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Don't watch

Movies | Watchmen turns a good graphic novel into a terrible film

Issue: "Ready or not, here we go," March 28, 2009

Is it a bad sign when you walk out of a theater wondering if you've ever seen a worse movie?

I appreciate good graphic novels (What's black and white and read all over?, June 28, 2008) and know that Watchmen on paper, first published in 1986/1987, is one of the best and most thoughtful long-form comic books ever. It examines the role of heroes in a cultural twilight and places them in a parallel universe where the Cold War, instead of winding down, is ratcheting up to mutual destruction.

Watchmen on film fails in every way. Its characters don't give us a reason to care about them. It trades comic book exuberance for sententious joylessness. It is ratomorphic, viewing human beings as vermin. It's pornographic in part, most obnoxiously in a sex scene that uses Leonard Cohen's "Hallelujah" as sacrilegious musical background.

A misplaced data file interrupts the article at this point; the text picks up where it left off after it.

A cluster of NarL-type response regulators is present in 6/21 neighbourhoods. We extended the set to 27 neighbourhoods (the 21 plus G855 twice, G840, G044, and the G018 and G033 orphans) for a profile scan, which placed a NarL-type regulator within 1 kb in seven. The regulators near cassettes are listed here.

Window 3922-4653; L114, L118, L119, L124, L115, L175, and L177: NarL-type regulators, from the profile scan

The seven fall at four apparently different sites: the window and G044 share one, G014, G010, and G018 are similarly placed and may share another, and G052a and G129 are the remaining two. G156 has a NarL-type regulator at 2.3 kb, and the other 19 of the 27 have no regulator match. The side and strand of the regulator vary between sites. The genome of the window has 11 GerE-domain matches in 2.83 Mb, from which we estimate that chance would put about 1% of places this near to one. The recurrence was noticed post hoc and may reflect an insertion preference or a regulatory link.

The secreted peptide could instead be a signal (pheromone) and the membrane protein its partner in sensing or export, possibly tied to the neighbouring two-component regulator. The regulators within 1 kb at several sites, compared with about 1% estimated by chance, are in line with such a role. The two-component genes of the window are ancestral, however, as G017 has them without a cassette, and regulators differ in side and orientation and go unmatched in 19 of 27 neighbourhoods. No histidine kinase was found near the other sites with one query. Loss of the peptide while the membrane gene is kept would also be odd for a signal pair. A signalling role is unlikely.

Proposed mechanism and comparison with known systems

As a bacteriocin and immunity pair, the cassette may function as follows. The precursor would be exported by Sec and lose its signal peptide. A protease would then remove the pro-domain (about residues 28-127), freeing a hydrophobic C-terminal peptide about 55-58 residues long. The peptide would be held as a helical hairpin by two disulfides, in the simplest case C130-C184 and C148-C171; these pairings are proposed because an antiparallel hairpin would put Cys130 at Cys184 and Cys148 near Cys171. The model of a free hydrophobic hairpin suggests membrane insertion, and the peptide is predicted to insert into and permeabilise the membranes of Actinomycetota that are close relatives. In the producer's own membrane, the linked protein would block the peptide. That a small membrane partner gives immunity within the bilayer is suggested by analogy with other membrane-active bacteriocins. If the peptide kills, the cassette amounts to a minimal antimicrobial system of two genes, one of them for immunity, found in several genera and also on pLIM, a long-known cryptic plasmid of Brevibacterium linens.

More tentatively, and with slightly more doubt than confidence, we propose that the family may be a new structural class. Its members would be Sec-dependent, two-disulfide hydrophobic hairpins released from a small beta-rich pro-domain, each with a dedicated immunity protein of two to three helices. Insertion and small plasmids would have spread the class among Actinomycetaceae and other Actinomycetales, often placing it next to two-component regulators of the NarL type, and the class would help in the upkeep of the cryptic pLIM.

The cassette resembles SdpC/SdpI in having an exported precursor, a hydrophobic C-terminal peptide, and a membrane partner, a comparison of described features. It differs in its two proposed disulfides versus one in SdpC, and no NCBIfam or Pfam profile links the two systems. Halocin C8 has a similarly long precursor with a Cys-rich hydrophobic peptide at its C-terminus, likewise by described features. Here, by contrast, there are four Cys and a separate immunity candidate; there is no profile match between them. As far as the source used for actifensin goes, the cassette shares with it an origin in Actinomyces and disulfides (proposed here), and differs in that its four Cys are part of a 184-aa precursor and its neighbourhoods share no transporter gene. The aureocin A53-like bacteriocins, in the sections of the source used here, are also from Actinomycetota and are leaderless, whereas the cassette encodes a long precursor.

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Watchmen is an object lesson in how following the letter of a work in one medium violates its spirit upon transfer to another. One panel's worth of comic book blood becomes prolonged bone-cracking, blood-gushing assault on the big screen. I have a high tolerance for movie violence, but this brutality was numbing.

Don't go.

Marvin Olasky
Marvin Olasky

Marvin is editor in chief of WORLD News Group and the author of more than 20 books, including The Tragedy of American Compassion. Follow Marvin on Twitter @MarvinOlasky.

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